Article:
During the next five years the British Youth Hostel Assn. will spend $27 million to upgrade and add hostels to its system.
England and Wales have 260 hostels now and Scotland has 80. Despite the name, there is no upper age limit. The average fee charged to international travelers for dormitory accommodations ranges from 2.30 (about $4.20 U.S.) to 5.50 ($10 U.S.) a night.
In Britain, hostels are in historic buildings, former churches, manor houses, water mills, hotels, pubs, shooting lodges, golf clubhouses and other places of interest.
For example, in London you can stay in the former home of the choirboys of St. Paul's Cathedral. In York the hostel is in the former home of the chocolate-making Rowntree family just outside the city.
Bonnie Prince Charlie, who led the Scots against the English in the rebellion of 1745, slept in a room in what is now Derbyshire's Hartington Hall hostel.
Former Norman Castle
Henry VIII's widow, Catherine Parr, once owned the manor house that is now Portsmouth's hostel. St. Briavel's hostel in Gloucestershire, at the Welsh border, is a Norman castle that King John used as a hunting lodge. The heated dormitories are in the castle prison, chapel, hanging room and King John's banquet hall.
In Penzance the hostel is in an 18th-Century mansion reputed to have a smuggler's tunnel.
The Port Eynon hostel on the Gower Peninsula in south Wales is in a historic building once used as a lifeboat house.
Youth hostels on popular tourist routes will be the first to receive funds for renovations. This year, for example, improvements will be made at Earl's Court hostel in London and at the hostels in Windsor, York, Brighton, Penzance, Salisbury and Cardiff. A waterfront hostel will open in Bristol at the end of this year.
The improvements will include more space to store luggage, day rooms where foreign hostelers can sleep off jet lag, more showers and laundry facilities, duvetyne for the beds rather then blankets, and more four- or six-bed rooms rather than just large dormitories.
Cottages to Castles
Scotland has 80 hostels ranging from simple, off-the-path cottages to full-fledged castles.
Carbisdale Castle in northern Scotland, built for the Dowager Duchess of Sutherland between 1906 and 1917, is said to be the last castle built in Scotland. The hostel at Loch Lomond was featured in a Scottish soap opera. The one in Stirling is a baronial house near Stirling Castle, which dates back to the 1600s. Visitors have included Charles II and James II.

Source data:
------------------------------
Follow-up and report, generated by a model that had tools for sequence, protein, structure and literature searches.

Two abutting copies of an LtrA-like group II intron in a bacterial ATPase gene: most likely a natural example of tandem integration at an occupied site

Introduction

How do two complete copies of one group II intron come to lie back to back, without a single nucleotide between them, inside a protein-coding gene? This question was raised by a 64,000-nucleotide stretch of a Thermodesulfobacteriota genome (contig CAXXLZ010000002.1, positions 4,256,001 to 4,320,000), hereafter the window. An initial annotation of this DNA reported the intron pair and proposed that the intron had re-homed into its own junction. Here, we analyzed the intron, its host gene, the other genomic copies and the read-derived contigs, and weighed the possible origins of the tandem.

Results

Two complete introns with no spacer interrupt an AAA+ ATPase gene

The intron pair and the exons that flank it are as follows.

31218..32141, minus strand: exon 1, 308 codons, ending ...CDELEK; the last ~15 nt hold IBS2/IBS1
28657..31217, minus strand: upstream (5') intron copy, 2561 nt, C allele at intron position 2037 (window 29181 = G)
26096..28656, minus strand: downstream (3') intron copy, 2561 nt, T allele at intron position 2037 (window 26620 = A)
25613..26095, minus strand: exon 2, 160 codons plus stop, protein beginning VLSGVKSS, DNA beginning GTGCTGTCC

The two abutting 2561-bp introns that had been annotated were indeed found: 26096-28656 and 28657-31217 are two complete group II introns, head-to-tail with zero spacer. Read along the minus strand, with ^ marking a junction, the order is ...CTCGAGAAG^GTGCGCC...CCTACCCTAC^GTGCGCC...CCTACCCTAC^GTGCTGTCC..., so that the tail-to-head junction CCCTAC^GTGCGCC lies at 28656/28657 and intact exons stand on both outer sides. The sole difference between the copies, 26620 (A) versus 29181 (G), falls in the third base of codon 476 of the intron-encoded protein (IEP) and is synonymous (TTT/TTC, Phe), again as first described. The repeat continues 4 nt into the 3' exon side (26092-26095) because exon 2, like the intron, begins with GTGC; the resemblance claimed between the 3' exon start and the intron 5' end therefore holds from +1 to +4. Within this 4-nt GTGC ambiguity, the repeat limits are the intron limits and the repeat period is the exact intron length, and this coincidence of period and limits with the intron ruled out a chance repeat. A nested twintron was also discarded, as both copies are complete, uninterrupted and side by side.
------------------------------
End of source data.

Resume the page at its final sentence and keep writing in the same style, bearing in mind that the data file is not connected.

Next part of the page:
Scottish hostels that will receive some of the improvement funds this year include the island facilities at Whiting Bay on Arran and Stromness on Orkney. Scottish hostels have opened recently at Crianlarich in Perthshire and Kyleakin on the Isle of Skye.
Many hostels require guests to be members of the International Youth Hostel Federation. You can join through your local hosteling association before you leave home.
However, if you find that you need more information after you arrive in Britain, you can get assistance at YHA Services, 14 Southampton St., London WC2.
Two of the drawbacks to using youth hostel facilities are that you usually have to share dormitory accommodations, and curfews are often imposed.
If that doesn't suit your style of travel, you can learn about some of the budget alternatives open to you in Britain through the free publication, "Young Britain."
"Young Britain" is published annually by the British Tourist Authority. The 1988 edition has general tips on transportation, sightseeing, banking and working, pen friends and includes an extensive accommodations guide.
Accommodation listings for London and popular tourist areas in England, Scotland, Wales and Northern Ireland include youth hotels, YMCAs, youth hostels and university residences, plus special interest and religious associations that provide low-cost lodgings.
Free copies of the 1988 edition of "Young Britain" are available from the British Tourist Authority, 350 S. Figueroa St., Suite 450, Los Angeles 90071, (213) 628-3525.